Saturday, November 9, 2013
Plaza I (Ritz Carlton)
*Names in bold indicate Presenter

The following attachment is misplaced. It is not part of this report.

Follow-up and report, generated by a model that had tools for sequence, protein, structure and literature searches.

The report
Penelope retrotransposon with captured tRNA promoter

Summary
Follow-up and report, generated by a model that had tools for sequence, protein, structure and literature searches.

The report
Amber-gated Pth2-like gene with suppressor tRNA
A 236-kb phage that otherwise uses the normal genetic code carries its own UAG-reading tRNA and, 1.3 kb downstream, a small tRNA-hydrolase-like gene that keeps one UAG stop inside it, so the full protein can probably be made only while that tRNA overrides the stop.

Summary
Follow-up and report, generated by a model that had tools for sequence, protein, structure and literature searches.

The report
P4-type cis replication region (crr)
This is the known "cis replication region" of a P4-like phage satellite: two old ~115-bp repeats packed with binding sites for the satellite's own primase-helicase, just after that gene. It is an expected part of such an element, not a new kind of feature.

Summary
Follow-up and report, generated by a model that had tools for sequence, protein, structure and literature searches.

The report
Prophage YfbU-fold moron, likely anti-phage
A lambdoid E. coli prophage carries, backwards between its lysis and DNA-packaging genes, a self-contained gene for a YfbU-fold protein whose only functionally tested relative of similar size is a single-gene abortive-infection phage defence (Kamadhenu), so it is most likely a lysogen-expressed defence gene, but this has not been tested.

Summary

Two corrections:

The recent policy debate over gay and lesbian parenting holds dire ramifications for general public welfare and particularly, for child welfare. Much previous research shows that public attitudes toward highly contentious and morally charged policy issues such as this are mainly driven by individuals' intrinsic values and beliefs, notably cultural predispositions. More importantly, previous studies claim that when related policy narratives are delivered within a policy debate of this sort, culturally biased individuals interpret such information in a way which supports their policy reasoning only when it is congruent with their prior values and beliefs, and discard it when it is not, in an attempt to justify their predetermined policy positions. Following this intellectual tradition, we systematically investigate how policy narratives on the child welfare effects of gay and lesbian parenting are processed by individuals of diverse perspectives on desirable social orderings, focusing on source credibility and information framing. Based upon an Internet survey experiment of 1,800 American adults conducted in 2011, we test hypotheses pertaining to three primary elements of policy narratives that are expected to influence individuals’ policy reasoning and attitude formation: (1) vouching (2) framing and (3) story structure.